HomeNewsChurch, green groups demand termination of fossil gas projects in Luzon

Church, green groups demand termination of fossil gas projects in Luzon

At least three Catholic bishops and more than 30 faith-based and civil society groups signed the demand letter

Church and pro-environment groups called for the cancellation of fossil gas projects that they said threaten a biologically diverse marine habitat in the northern Philippine island of Luzon.

At least three Catholic bishops — Bishop Broderick Pabillo of Taytay, Bishop Gerardo Alminaza of San Carlos, and Bishop Jose Colin Bagaforo of Kidapawan — and more than 30 faith-based and civil society groups signed a letter urging the project proponents and financial institutions to “listen” to affected communities.

“We are constrained to write to you now to demand that you cancel your proposed [projects]… hopeful that this time you will listen,” read the statement.

The letter was sent to Herbert Hernane, president of Linseed Field Power Corporation, and Ramon Ang, president of San Miguel Corporation (SMC).

Linseed Field Power Corporation, a subsidiary of Atlantic, Gulf, and Pacific Company of Manila, Inc. has proposed to develop an integrated Liquified Natural Gas or LNG import terminal located in the village of Ilijan in Batangas City.

The project aims to service the nearby Ilijan Power Plant as well as future SMC Global Power Holdings projects.

SMC Global Power Holdings, through its subsidiary Excellent Energy Resources, Inc. (EERI) also proposed to construct and operate a Regasified Liquefied Natural Gas-fired Combined Cycle Power Plant with a total net capacity of 1,700 MW using highly efficient Gas Turbine technology named as Batangas Combined Cycle Power Plant (BCCPP) Project.

- Newsletter -

The proposed BCCPP Project will be constructed in two phases with each phase having 850 MW net capacities.

Energy companies are also planning to expand their fossil gas projects in the province of Batangas, reportedly threatening to affect the Verde Island Passage.

The 1.14 million hectare passage is extremely rich in marine biodiversity, the richest area in the entire Coral Triangle. It has been called the “Center of the Center of Marine Shorefish Biodiversity.”

Corals, reef, and fishes in Verde Island Passage (Shutterstock photo by Lexter Yap)

“Protecting the most biologically diverse marine habitat in the world also means protecting our health, livelihoods, environment, and climate,” read the pro-environment groups’ statement.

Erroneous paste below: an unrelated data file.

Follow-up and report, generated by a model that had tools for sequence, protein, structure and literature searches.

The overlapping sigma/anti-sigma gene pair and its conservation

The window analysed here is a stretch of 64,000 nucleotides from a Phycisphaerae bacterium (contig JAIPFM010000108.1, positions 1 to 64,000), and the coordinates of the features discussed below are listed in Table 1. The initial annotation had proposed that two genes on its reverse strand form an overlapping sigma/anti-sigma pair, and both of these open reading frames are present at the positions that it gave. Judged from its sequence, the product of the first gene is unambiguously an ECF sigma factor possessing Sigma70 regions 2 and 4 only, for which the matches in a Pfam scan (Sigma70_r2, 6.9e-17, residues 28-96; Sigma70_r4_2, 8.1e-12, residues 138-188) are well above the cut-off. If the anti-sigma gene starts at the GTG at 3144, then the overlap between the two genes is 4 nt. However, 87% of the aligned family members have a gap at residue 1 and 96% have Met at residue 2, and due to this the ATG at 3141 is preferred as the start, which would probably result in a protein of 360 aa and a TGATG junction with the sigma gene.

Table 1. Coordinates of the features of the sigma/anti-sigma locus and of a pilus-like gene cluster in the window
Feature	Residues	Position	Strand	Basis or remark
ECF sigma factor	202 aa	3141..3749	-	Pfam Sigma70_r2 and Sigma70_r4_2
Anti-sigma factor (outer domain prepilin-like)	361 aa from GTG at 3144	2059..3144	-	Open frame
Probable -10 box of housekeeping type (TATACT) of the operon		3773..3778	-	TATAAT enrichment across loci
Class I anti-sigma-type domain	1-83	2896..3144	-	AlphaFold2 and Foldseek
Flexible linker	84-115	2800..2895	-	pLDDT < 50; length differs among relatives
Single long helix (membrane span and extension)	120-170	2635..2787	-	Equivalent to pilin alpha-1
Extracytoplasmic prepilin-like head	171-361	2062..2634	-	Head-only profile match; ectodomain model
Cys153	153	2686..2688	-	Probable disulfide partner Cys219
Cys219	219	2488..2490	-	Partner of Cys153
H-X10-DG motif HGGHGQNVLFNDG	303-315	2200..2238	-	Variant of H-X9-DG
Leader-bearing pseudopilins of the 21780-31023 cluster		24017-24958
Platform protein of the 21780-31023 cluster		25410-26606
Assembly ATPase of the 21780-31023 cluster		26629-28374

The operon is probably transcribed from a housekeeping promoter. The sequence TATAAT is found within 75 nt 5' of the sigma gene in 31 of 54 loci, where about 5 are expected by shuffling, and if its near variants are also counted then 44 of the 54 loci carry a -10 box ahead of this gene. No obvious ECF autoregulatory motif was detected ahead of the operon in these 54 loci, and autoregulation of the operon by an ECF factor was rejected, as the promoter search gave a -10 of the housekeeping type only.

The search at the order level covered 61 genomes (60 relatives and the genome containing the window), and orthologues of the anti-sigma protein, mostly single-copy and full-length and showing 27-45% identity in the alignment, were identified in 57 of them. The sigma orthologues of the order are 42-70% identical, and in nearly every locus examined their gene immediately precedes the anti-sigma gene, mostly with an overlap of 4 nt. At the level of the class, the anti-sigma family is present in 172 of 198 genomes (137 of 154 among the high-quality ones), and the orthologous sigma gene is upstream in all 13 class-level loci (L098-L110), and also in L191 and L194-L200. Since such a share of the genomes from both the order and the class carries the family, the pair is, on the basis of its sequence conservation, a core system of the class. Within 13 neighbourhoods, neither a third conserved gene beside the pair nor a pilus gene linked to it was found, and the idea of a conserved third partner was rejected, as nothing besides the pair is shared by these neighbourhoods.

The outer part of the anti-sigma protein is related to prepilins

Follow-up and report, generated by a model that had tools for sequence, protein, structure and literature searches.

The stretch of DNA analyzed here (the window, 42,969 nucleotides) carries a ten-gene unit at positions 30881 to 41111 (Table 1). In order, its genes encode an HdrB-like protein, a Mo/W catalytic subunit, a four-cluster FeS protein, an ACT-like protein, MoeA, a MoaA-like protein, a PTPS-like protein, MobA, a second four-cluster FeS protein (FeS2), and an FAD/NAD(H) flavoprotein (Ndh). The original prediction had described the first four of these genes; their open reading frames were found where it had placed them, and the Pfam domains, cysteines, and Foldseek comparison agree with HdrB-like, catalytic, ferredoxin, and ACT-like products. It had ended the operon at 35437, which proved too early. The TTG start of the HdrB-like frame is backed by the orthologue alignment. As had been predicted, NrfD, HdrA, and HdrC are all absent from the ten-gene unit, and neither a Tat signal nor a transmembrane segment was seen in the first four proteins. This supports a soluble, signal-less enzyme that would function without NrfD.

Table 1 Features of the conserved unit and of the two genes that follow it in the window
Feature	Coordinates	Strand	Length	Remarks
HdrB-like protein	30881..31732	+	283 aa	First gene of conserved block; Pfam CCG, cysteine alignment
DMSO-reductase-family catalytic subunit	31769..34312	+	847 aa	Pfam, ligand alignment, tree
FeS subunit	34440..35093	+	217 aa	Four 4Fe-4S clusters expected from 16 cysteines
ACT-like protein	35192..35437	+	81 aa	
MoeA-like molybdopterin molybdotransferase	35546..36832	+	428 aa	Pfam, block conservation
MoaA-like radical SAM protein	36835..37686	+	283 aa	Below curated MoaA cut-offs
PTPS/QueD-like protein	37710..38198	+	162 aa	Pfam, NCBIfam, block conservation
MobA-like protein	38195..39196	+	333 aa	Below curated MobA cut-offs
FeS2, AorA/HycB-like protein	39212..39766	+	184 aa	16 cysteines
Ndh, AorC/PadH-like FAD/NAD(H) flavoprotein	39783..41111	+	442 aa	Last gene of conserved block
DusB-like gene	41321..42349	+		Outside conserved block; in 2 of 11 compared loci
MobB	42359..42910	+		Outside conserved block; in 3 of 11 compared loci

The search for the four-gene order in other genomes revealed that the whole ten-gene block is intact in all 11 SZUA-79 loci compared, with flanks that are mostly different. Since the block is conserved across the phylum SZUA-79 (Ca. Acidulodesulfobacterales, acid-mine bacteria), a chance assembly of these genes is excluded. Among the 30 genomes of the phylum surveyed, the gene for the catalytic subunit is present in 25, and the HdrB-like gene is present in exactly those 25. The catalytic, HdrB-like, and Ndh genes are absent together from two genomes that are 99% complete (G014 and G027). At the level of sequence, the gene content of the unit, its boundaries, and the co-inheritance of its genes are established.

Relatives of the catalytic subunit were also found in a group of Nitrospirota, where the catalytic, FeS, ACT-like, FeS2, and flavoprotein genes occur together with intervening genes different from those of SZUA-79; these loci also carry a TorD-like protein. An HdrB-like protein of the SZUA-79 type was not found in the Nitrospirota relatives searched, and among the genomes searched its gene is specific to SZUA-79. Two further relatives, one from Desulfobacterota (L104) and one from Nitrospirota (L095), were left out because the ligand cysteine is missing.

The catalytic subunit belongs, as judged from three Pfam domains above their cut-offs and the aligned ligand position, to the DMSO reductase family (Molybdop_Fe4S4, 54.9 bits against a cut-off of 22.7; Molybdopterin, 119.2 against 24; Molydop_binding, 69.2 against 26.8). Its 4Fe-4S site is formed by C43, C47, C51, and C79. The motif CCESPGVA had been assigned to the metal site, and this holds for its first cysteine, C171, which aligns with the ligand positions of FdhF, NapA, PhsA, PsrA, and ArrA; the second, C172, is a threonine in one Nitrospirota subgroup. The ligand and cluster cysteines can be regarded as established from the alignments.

“Cancel your proposed [projects] and instead help in the country’s transition toward clean and sustainable renewable energy for all,” it added.

The groups said fisherfolk and workers in the tourism sector are the most vulnerable to impacts from fossil gas projects due to an “increase in the disposal of liquid waste and bilge water from ships and increasing risk of oil spills.”

Father Edwin Gariguez, social action director of the Vicariate of Calapan and lead convenor of Protect Verde Island Passage, said pursuing these fossil gas projects “is planting illness at the very heart of a global epicenter for marine biodiversity in the world.”

“Life in the Verde Island Passage must continue thriving to sustain the millions of Filipinos who rely on it for food and to make a living,” said the priest.

Bishop Jose Colin Bagaforo, national director of Caritas Philippines, said the Catholic Church stands with the communities in Batangas, Mindoro, Marinduque, and Romblon provinces that are affected by the projects.

“It is our duty to care for nature and the people who would be most affected by activities that hurt it,” said the prelate.

“In the context of the ecological and climate crises we face, protecting our marine biodiversity must be an utmost priority,” he added.

Bishop Jose Colin Bagaforo of Kidapawan, Caritas Philippines national director.
Bishop Jose Colin Bagaforo of Kidapawan, Caritas Philippines national director. (Photo from CBCP News)

On June 28, 2019, China Bank reported that it granted a 6-billion peso term loan facility in favor of AG&P to fund its rapid expansion into liquified natural gas (LNG) infrastructure and services.

China Bank Capital was the lead arranger of the transaction, while China Bank served as a lender alongside the Development Bank of the Philippines for the proposed LNG import terminal.

On June 9, SMC Global Power disclosed that the corporation issued US$600 million in Senior Perpetual Capital Securities, which will be used primarily for the 1,313.1 MW Batangas Combined Cycle Power Plant and related facilities or for general corporate purposes.

For the issuance of the Securities, the SMC engaged Credit Suisse (Hong Kong) Ltd, DBS Bank, Mizuho Securities Asia Ltd, Standard Chartered Bank, UBS AG Singapore Branch as joint lead managers; DB Trustees (Hong Kong) Limited as Trustee; and Deutsche Bank AG, Hong Kong Branch as paying agent.

Gerry Arances, executive director of Center for Energy, Ecology, and Development, said the proposed fossil gas and LNG facilities in Batangas “are hindering what could be a swift transition to sustainable energy from renewables.”

“We have an abundant supply of renewables that largely remains untapped. [Fossil gas projects] stand in direct opposition to the ambition of limiting global temperature rise to no more than 1.5°C,” he said.

Arances said that by funding these projects, “these local and international banks are turning the climate-vulnerable Philippines into a dumpsite for global gas supply, and allowing us to write our own climate death sentence.”

Organizations that signed the letter include Greenpeace Southeast Asia, Living Laudato Si Philippines, Philippine Movement for Climate Justice, Laudato Si Movement – Philippines, and Ilijan Community Development Foundation, Inc.

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